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### Course: Health and medicine>Unit 5

Lesson 9: Pleural Effusion

# Transudate vs exudate

In a pleural effusion, different fluids can enter the pleural cavity. Transudate is fluid pushed through the capillary due to high pressure within the capillary. Exudate is fluid that leaks around the cells of the capillaries caused by inflammation. Learn why transudative fluid does not contain proteins, why exudate does contain proteins, and how health professionals can differentiate between the two using Light’s criteria. Created by Jannah George.

## Want to join the conversation?

• what is the amount per ml that is the cutoff for differentiating between transudate and exudate? (protien, cholesterol, etc) thank!
• Good question, but I think Tom gave an incorrect answer to your question. First of all, there are about 2.2 POUNDS in a kilogram, so a measurement of 1.02 kg/L would be over 2 pounds of solute in a little over a quart of liquid. Good luck aspirating that through the thoracentesis needle. :>)

The correct answer to your question is that the difference between a transudate and an exudate is based on several factors. One of these is the SPECIFIC GRAVITY of the effusion fluid. If it is < 1.012 it is considered a transudate. If it is > 1.020 it is considered an exudate. The effusion is considered a transudate if the protein content is < 25 g/L and the cholesterol content is < 45 mg/dL, whereas an exudate has a protein content > 29 g/L and a cholesterol content > 45 mg/dL. For values in between the ones given, the results would be indeterminate, as it would not be clear whether the fluid was a transudate or an exudate. There are other factors that can be useful in differentiating the fluid as a transudate or an exudate. You might find the following link helpful: http://en.wikipedia.org/wiki/Template:Transudate_vs._exudate.
Hope this help clarify things for you. Good Luck.
• what are the causes of Exudate ?
• Exudate is the protein rich fluid migrating from capillaries as part of the inflammation response to fight infection. So you could say the cause is anything that triggers an inflammation response
• Is it possible to only have heart failure in just one chamber of the heart?If so, how?
• yes exactly .There may be any problem in left ventricle Of heat where from blood goes to body via aorta ..After blood comes from Right ventricle there may b no.prblm ..As it goes on into the left ventricle Any prblm in iT or if it does not work There the heart is called Left ventricular failure .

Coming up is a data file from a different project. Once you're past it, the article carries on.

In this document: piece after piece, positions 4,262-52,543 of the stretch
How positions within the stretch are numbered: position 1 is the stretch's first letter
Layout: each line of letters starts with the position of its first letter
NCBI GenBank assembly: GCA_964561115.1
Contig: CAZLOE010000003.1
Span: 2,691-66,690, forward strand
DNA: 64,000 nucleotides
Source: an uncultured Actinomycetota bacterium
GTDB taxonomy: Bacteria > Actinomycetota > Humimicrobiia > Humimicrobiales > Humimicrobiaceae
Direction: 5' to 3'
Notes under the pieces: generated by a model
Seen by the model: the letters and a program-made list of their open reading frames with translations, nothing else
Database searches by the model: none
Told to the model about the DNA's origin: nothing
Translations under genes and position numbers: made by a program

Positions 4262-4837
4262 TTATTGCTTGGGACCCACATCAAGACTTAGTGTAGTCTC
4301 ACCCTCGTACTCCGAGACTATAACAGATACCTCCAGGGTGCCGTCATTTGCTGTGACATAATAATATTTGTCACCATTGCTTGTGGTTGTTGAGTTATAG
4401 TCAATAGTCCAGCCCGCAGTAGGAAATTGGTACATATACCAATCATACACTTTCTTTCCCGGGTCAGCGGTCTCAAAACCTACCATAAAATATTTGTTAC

• Mrs. George says that a transudate effusion can be caused by left heart failure. A typical symptom of left heart failure is a pulmonary edema. The pathophysiology sounds very similar (fluid backup into the lung). My question is, when and why does the fluid back up into the pleural space and when into the lung itself? Or are pleural effusion and pulmonary edema the same thing? Thank you!
• Below there are links where you can search for the opposite term and read more about these conditions. The Merck manual has a general public version and a health professional version, I pasted one of each version and you can go back and forth between them.
Pleural effusion is the accumulation of fluid between the 2 pleural membranes surrounding the lungs. It can be a clear transudate fluid or a pus filled exudate fluid depending on the cause and length of time present. Pulmonary edema is the accumulation of fluid inside the lung tissue. These are different places. The reasons for the pulmonary edema and pleural effusion can overlap, such as inflammation. However, pulmonary edema is a predictable outcome due to left heart failure and high blood pressure causing back pressure to lung tissue. It is more life threatening then pleural effusion. Another cause for pulmonary edema is direct damage to the lungs due to inhaled toxic gases, for example. Pleural effusion maybe more difficult to predict and the causes are not so simple to understand. They could occur separately or together. Pleural effusion is free fluid ( think of it being like fluid in a plastic bag) that can be removed via a needle and tube. However, pulmonary edema is diffuse in the tissue ( think of it being like water in a sponge), it fills lung tissue, decreasing oxygen available to the patient and it is harder to treat as one waits for medications to manage the problem.
http://www.merckmanuals.com/home/lung-and-airway-disorders/pulmonary-hypertension/pulmonary-hypertension
http://www.merckmanuals.com/professional/pulmonary-disorders/mediastinal-and-pleural-disorders/pleural-effusion
https://www.medicalnewstoday.com/articles/167533.php
• A little mistake: Congestive cardiac failure is call when both ventricles are failing, Right HF is when right site is failing, and Left HF is when left ventricle is failing .
• Hello, I would ike to ask please what causes different types of exudate? Why does one case of tissue damade results in serous and another results in fibrinogen leaving the blood ? what is the mechanism which determins the type and amount of specific exudate?

Thank you